Turmoil for Food Brands: New Prop 65 Warning Requirement for BPA in Packaging

Just three weeks before new Proposition 65 warning requirements for BPA kick in, OEHHA has adopted emergency regulations that specify responsibilities for food manufacturers, retailers and others offering canned and bottled consumer goods for sale in the California marketplace.  Manufacturers, packagers, importers, distributors, retailers and other businesses in the chain of commerce need to acquaint themselves with the warning requirements so they will be in compliance come May 11, 2016, when the Prop 65 warning requirements take effect for BPA.  Emergency regulations are processed quickly – they were posted April 8 and approved April 18.

A year ago, the Office of Environmental Health Hazard Assessment (“OEHHA”) added bisphenol A (“BPA”) to the Prop 65 list of chemicals known to cause reproductive toxicity.  As of May 11, 2016, a Prop 65 warning will be required before a person is exposed to BPA, unless an exposure at 1,000 times the level in question is shown to have no observable effect.  Manufacturers have the difficult task of determining whether BPA in a product or its packaging causes an exposure that requires a Prop 65 warning.  This is particularly challenging since OEHHA has not yet adopted a maximum allowable dose level (“MADL” or “safe harbor”) for BPA.  (OEHHA posted a proposed MADL for dermal exposure in March, but that addresses only part of the potential exposure with food.)  Retailers are also in a difficult position, being largely unable to even identify which products on their shelves contain BPA.  Yet beginning May 11, all in the chain of commerce are vulnerable to citizen enforcement action if compliant warnings are not provided for products containing BPA.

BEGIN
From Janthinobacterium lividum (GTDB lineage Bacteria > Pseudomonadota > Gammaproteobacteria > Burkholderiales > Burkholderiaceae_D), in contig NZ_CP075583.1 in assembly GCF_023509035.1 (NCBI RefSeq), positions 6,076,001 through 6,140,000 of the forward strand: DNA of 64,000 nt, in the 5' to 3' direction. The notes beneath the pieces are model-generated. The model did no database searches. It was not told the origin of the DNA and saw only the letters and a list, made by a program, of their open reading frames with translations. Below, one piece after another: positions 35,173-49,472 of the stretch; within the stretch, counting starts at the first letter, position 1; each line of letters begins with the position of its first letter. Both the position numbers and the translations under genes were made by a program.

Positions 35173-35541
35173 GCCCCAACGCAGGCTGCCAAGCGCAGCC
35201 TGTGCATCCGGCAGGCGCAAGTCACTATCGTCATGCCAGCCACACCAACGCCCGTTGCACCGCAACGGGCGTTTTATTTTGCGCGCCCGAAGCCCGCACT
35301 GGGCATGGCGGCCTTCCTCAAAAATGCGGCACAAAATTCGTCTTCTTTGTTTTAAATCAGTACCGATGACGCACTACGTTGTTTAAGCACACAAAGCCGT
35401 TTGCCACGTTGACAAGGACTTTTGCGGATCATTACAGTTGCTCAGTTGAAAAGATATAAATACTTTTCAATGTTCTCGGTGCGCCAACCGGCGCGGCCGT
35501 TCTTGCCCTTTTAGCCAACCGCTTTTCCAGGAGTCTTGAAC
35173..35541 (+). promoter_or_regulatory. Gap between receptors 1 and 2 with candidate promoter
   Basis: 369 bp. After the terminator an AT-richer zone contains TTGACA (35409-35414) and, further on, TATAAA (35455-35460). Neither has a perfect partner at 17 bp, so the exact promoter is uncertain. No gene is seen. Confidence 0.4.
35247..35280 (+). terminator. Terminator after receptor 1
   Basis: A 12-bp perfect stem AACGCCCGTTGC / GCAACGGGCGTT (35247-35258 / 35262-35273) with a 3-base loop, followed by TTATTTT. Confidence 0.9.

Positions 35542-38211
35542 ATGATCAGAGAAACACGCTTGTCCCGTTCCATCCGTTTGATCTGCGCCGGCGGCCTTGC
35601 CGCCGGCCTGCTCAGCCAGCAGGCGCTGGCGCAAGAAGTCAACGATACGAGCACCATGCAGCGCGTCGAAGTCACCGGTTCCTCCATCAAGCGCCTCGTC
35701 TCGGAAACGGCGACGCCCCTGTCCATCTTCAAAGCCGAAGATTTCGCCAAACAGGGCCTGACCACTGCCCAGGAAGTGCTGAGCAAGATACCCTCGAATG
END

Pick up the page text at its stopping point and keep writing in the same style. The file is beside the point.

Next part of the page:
BPA occurs in a wide range of consumer products, including food containers.  Epoxy coatings on the interior of cans and jar lids often contain BPA, and it is also a common component of polycarbonate plastic (number 7), adhesives and thermal paper (cash register receipts).  High levels of exposure cause developmental harm in laboratory animals, and scientists have long debated whether and at what levels BPA impacts human health.  BPA mimics hormones in the body, which are often biologically active at low levels.  A controversy over the potential health risk of BPA has been brewing for over a decade.  In 2010, Canada and European Union banned it from baby bottles, and a number of states followed suit, including California in 2013.

OEHHA is concerned about consumer confusion from widely inconsistent use of warnings in the marketplace with respect to food and beverages.  In an effort to smooth the transition, OEHHA’s emergency regulation allows temporary use of a standard point-of-sale warning for BPA exposures from canned and bottled foods and beverages.  Under the emergency regulation, food manufacturers, importers, and packagers may either affix a warning directly to their product, or notify the retailer that specific products may expose consumers to BPA.  Retailers must display the BPA warning at the point of sale.  Unlike the typical Prop 65 warning, the BPA warning specifically mentions BPA and identifies cans, jar lids and bottle caps as potential sources of exposure.

TAKE ACTION NOW.  All businesses should familiarize themselves with Prop 65 warning requirements and ensure their implementation, or face costly enforcement litigation from Prop 65 plaintiffs.  BPA is present in a wide range of consumer products as well as food packaging, so all retailers should take notice.  While the emergency regulations are temporary (they expire in 180 days), OEHHA may undertake adoption of permanent regulations, opening another opportunity for public review and comment.  And, even if OEHHA succeeds in establishing a MADL in six months,  businesses will have precious little time to complete an analysis of the various factors to determine if the BPA in their product creates an exposure that requires a warning.

The clock is ticking…